Britain’s Got Talent executive producer Amelia Brown on the art of producing ITV’s Britain’s Got Talent.

"We start with casting. The casting team are key and each year the team gets bigger. Casting gets harder and harder.
The key thing you don’t want to lose from BGT is undiscovered talent – and undiscovered talent is hard to find. In the earlier series, people turned up for television shows in their masses and queued up. Now, people still want to audition but they just need a little bit more encouragement.
We go to them more these days. We used to do a few days of producers’ auditions in Manchester and London, but we now have lots of smaller days in smaller towns.
It becomes a bit of a numbers game to ensure you have enough great auditions. We will see about 300 acts during the judges’ auditions, but only a proportion of those will make it to air.
A love of the show is the key skillset and personality trait that I look for in everybody who works on BGT.
It sounds simple, but you would be amazed at how many people come in for interview and haven’t watched the show. It drives me bonkers.
We try to bring staff up through the ranks. People quickly become very highly qualified on BGT. You pre-record, you film live, you do live shows, you do the edit – so it sort of ticks every telly box in one show. So you then want to nurture the staff and want them to stay – they become very key to the show in the following years.
About 250-300 people work on the show if you count everybody from myself to researchers, lighting, rigging, editors, and producers. There’s about 30 in the key editorial team, and 30 in the edit.
The biggest challenge during filming is that all the acts have different requirements. A magic act may have fire or want to hang from the rafters, whereas a dog needs to have licences and may not like the lights, and then you have a kids’ choir who come with all the licensing requirements you have with children. Each act has its own set of rules. There is a researcher role called the fixer and that is exactly what they will do all day.
The audition shows take place over 10 or 11 days. We are there from about 4pm for the matinee performance and then there’s an evening performance. There are two different audiences.
My motto, which drives everyone mad, is I want options when it comes to the edit. The team film from 8-9am until midnight. We tend to film everything that moves at all times. There is definitely a few thousand hours of footage to get through.
The edit begins as we start filming. We have a marvellous system called the Montage Project and a whole edit system now where we pull together everything and organise it.
It is all about labelling. You have to be quite thorough and anal about labelling. Every contestant will have a list of every checkpoint that gets filmed – their arrival, their audition, their interview, their secondary interview, their leaving shot. And all that needs to go into a bin and needs to get organised. That is your starting block. If it is not organised straight out of the blocks, then you have got a problem.
We grade the acts we like most as we go along. So we will give everyone a grade from A to C. I write notes on what I like about them, and what I don’t like about them. Those notes and the series producer’s notes get used in the edit.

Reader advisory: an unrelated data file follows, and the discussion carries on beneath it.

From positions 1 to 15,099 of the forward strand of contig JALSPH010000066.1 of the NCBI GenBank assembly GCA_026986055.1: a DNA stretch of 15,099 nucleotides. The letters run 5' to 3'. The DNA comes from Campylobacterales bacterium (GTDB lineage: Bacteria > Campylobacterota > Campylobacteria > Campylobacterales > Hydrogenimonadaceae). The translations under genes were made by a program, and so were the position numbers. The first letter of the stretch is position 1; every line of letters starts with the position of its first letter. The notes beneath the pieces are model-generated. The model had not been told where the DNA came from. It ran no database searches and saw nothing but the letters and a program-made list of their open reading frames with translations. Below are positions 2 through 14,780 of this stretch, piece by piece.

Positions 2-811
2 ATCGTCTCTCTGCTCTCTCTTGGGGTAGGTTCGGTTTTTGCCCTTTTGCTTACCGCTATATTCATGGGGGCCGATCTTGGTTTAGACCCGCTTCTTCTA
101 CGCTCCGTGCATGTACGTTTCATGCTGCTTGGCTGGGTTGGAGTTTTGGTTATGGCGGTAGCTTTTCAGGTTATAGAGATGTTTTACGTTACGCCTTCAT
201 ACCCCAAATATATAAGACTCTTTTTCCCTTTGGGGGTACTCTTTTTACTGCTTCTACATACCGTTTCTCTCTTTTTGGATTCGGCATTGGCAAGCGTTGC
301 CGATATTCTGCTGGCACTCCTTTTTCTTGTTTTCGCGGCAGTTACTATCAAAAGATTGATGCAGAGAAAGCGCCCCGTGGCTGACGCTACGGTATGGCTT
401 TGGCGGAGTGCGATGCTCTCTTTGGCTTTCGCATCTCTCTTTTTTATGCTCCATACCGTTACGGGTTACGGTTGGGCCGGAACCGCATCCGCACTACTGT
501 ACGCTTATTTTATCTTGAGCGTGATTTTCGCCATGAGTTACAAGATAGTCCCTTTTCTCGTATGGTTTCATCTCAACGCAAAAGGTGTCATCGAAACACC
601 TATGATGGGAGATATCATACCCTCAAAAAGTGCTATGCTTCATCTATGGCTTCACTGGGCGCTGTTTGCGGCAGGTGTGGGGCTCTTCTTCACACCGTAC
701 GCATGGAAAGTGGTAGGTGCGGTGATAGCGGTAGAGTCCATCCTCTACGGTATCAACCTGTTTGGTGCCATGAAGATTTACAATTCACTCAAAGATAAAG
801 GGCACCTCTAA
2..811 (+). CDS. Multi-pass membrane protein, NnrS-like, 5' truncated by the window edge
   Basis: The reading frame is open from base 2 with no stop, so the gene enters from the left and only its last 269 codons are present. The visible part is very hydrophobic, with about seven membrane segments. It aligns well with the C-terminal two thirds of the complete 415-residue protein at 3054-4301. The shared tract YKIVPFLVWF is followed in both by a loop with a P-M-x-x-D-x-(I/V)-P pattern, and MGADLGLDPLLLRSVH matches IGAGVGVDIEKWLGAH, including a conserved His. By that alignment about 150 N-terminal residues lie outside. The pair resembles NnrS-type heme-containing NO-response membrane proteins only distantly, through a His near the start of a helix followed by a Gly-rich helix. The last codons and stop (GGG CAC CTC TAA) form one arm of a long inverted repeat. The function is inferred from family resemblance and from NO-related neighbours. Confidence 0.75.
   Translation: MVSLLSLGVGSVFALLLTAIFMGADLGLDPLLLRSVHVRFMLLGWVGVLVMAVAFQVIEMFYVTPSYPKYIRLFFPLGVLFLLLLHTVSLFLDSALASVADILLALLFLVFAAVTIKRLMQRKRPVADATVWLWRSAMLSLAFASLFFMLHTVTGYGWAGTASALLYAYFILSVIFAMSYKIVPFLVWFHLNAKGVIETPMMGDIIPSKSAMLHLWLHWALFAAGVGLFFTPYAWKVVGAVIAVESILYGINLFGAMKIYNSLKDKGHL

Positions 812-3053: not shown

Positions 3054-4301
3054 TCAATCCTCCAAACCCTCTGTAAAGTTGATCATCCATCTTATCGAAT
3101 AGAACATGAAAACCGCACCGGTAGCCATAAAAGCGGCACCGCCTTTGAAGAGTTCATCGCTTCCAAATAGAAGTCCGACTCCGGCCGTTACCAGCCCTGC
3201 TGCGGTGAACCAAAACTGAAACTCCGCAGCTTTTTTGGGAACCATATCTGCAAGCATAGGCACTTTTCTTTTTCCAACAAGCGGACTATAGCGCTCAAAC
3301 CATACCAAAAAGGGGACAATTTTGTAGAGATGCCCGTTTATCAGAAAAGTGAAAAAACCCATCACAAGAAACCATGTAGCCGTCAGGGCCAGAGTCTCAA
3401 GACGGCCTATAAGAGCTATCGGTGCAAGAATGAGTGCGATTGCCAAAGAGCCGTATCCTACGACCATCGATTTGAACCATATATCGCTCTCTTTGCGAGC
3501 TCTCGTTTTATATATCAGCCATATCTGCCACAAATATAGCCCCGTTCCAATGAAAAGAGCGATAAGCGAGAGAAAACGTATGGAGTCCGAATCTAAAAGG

We then rough cut the stories, and from that decide who we want to go in which show and then start posting the shows together in the edit.
The edit is my favourite bit.
It is where it comes to life. I think we have got the best editors in the business.
Organisation is key. Then it becomes about the producers; I bang on about this a lot but they need to watch everything. It’s difficult because we film so much. But woe betide if we get to a point and I ask a question about whether something is there – and they don’t know the answer. Because for me the devil is in the detail – you will find bits of reality that we filmed with a contestant where they are far more relaxed chatting to their mum that will show their personality much more than an interview question with a producer. All those little pieces are the gems now, and is how the edit has changed over the past six years. Those bits can make or break a story.
This show is run by WhatsApp. It is a great way for monitoring stories. We set up all the producers, the series producers and myself on a WhatsApp group. It helps us to keep up with changes, and means that everyone has got the information at the same time and knows what is happening. If something happens at the judging desk – say Simon is in bad mood or Alesha has said no to a load of kids – that is something we need to pick up on so it will go on the WhatsApp group.
You have to have a love of people and a love of storytelling. It sounds a bit vague, but if you don’t have those two things then you are on the wrong show.
Your management skills need to be good. The team is massive. Everyone works very long hours, they are on their feet a lot and they spend a lot of time together because we’re away. So keeping the team happy is key.
It is a massive show but you don’t want any member of the team to feel like they are just a cog in a machine. Everyone needs to know that their role is important, because if someone doesn’t do well in their jobs then everything does fall in like a house of cards.
The thing that keeps me awake at night is worrying that we don’t find new talent, thankfully 10 years in that hasn’t happened so far."

This interview is taken from an April 2016 Televisual feature on the art of producing entertainment TV shows.

Tim Dams

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